Fenland Council to charge £40 a year for brown bins after agreeing ‘free’ service may have to go to save £700,000 a year
Fenland Council is hoping to sign up between 12,000-20,000 households willing to pay £40 a year for a brown bin collection.
The council is consulting on the proposals that will come in next year.
Cabinet decided they would no longer pay the £700,000 cost of running “the free service”.
Officials are predicting a new service will become self-funding and figures agreed by Cabinet that the cost would be £34.50 year if 20,000 opt in rising to £46.77 if only 12,000 (i.e. 30 per cent) want to pay.
Nearly half of all local councils across the country have agreed or propose a similar scheme.
The final decision will take place later but the saving is one of those identified in a recent review by all councillors of where money can be saved.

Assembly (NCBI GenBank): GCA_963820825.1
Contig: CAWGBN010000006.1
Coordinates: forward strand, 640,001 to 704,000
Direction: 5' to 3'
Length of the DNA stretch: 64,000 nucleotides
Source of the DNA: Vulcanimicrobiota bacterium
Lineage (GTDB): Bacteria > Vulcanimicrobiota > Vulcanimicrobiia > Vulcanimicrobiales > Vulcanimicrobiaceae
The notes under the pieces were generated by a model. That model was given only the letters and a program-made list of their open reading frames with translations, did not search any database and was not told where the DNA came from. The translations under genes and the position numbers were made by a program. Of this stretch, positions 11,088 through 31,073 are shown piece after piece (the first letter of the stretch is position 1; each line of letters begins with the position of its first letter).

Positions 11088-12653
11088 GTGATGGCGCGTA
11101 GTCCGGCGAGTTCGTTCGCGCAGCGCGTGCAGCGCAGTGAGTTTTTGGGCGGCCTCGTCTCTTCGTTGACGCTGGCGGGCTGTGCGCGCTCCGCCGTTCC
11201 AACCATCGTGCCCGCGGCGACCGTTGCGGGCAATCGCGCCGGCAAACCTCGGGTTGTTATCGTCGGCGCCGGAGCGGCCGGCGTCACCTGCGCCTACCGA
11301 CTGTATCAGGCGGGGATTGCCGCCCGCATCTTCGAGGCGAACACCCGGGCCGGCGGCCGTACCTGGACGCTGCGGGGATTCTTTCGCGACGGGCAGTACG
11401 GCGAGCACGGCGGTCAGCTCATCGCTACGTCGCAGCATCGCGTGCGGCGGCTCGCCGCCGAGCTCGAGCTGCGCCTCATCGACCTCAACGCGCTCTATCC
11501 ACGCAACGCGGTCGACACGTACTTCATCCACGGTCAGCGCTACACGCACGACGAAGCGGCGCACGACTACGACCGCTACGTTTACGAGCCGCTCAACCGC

Bins opting in will get a collection ‘sticker’ and those agreeing early on may get an early bird discount.
Unwanted bins will be collected and either recycled or prepared for re-use.
The council has agreed to spend £10,000 on delivering consultation papers to all 43,500 properties in Fenland.
Mark Mathews, head of environmental services, said the ‘three-bin system’ waste collection service provided by the council since 2006 included the free collection of garden waste.
“With reductions in Government funding creating ever increasing pressure to find further savings, considerations such as charging for services that have previously been offered for free becomes necessary.”
Those not wishing to pay for a brown bin will still be able to take garden waste to recycling centres in Wisbech, March and Whittlesey.
The council is also publicising a home composting bin that can be bought for £18.
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